A rare and large, 19th century, carved sandstone gothic grotto urn, beautifully weathered and lichen encrusted, with a border of grotesque animal faces around the top of the bowl and base.
English circa 1850 Staffordshire
Grotto; a small cave or group of caves, especially an artificial one in a park or garden, usually with a source of water.
The fashion of the wealthy for building grottoes, didn't arrive in Britain until the seventeenth century. Originally being constructed indoors, but by the late 18th century moving outside, becoming a focal point of the neoclassical landscaped garden, with clean lines and classical structure. Going into the 19th century, with the Victorian fascination for natural history, grottoes followed fashion, becoming more rustic, with the use of tufa rock and Pulhamite ( an artificial stone made by the Pulham terracotta company ) natural and dark, using specimen mosses and ferns. This urn, being carved with grotesque animal faces would have been placed inside the entrance of one of these grottoes and planted out.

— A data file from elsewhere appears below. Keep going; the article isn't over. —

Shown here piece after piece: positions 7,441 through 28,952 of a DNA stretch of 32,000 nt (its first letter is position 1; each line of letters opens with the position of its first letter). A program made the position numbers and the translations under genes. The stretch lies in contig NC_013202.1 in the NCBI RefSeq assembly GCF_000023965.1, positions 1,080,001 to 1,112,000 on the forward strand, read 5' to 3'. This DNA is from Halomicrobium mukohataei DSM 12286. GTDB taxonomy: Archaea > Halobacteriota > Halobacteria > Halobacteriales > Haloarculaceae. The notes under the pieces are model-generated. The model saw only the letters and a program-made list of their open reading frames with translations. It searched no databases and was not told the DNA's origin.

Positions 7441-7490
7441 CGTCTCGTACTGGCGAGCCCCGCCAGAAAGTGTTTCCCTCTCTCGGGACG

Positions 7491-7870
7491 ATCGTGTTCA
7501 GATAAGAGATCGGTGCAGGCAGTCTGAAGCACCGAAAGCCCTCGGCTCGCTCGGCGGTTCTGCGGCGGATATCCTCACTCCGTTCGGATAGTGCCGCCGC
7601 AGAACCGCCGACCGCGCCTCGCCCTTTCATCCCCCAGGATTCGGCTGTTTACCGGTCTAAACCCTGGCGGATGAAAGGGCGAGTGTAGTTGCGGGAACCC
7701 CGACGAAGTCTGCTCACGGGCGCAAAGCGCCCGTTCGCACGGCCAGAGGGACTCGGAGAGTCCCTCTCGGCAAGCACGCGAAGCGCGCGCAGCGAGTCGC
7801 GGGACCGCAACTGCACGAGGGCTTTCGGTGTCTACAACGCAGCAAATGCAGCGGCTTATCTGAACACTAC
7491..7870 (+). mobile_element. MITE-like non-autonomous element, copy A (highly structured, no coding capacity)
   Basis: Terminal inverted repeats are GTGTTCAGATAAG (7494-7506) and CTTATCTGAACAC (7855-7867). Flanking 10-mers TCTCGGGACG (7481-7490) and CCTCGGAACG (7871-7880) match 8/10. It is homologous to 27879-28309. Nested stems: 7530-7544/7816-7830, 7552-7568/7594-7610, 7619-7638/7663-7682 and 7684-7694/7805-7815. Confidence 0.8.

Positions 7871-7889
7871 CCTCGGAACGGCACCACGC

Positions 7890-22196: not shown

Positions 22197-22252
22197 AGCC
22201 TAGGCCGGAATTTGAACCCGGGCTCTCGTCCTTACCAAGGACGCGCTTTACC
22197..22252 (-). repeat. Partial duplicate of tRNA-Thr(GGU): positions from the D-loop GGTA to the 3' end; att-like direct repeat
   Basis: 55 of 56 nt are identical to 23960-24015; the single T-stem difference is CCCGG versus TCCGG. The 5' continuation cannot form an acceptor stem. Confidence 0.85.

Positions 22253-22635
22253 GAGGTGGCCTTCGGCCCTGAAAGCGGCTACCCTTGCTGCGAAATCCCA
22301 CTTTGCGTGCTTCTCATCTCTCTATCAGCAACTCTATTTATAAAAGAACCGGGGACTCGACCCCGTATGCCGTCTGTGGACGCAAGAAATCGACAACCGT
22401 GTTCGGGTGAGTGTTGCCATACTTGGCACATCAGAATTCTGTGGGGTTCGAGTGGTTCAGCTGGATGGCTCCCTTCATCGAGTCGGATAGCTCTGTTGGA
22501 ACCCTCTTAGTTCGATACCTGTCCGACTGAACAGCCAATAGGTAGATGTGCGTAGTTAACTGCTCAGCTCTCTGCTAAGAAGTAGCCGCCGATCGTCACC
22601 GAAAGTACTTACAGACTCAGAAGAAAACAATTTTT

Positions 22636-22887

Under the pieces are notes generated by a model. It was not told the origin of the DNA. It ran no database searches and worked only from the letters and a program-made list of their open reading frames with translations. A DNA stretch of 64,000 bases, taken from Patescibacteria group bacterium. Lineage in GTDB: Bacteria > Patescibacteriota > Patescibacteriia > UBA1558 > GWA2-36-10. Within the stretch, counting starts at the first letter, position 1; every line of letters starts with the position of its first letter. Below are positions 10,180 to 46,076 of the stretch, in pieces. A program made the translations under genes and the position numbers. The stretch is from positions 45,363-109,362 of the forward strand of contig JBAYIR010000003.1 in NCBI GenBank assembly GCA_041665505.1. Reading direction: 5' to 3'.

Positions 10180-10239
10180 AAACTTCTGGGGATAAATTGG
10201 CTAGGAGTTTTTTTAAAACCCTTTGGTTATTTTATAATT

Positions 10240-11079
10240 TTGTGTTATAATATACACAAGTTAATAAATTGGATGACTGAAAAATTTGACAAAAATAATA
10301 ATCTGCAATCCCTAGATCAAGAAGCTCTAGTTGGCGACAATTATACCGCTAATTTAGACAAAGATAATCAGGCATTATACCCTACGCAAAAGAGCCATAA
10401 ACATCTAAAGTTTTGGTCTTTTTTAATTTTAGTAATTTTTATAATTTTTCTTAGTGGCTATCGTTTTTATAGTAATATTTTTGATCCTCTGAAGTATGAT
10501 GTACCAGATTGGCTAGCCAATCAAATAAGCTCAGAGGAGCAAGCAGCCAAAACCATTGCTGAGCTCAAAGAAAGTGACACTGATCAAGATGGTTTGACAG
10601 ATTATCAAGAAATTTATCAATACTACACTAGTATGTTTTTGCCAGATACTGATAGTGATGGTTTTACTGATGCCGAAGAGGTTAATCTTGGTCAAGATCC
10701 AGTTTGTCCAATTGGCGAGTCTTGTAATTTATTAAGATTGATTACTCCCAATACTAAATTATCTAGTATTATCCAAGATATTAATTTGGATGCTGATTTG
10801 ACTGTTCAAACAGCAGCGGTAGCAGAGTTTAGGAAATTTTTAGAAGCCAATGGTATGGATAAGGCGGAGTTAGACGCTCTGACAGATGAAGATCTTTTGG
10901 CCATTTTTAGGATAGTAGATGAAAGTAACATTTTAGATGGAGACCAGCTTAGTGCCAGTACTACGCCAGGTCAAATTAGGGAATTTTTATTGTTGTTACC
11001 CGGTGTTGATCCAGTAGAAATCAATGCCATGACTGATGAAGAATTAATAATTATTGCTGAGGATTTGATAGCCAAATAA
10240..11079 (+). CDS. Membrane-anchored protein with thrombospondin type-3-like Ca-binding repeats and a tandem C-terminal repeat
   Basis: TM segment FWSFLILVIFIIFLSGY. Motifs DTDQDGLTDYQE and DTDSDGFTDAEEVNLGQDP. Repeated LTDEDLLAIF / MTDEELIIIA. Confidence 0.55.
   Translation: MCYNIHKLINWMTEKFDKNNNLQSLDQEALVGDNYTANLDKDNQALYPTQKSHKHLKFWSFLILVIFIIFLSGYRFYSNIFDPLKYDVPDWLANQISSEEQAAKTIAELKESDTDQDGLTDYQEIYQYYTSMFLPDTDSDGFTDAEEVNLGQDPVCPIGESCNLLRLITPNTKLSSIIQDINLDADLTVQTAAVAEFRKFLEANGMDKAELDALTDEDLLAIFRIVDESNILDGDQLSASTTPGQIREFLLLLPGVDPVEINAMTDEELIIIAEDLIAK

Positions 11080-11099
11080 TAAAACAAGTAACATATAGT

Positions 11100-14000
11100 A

This urn was in the same grotto as the vermiculated urn listed separately.
Condition; a few nibbles to the extremities.
H 38 1/2" x W 30" x D 30'
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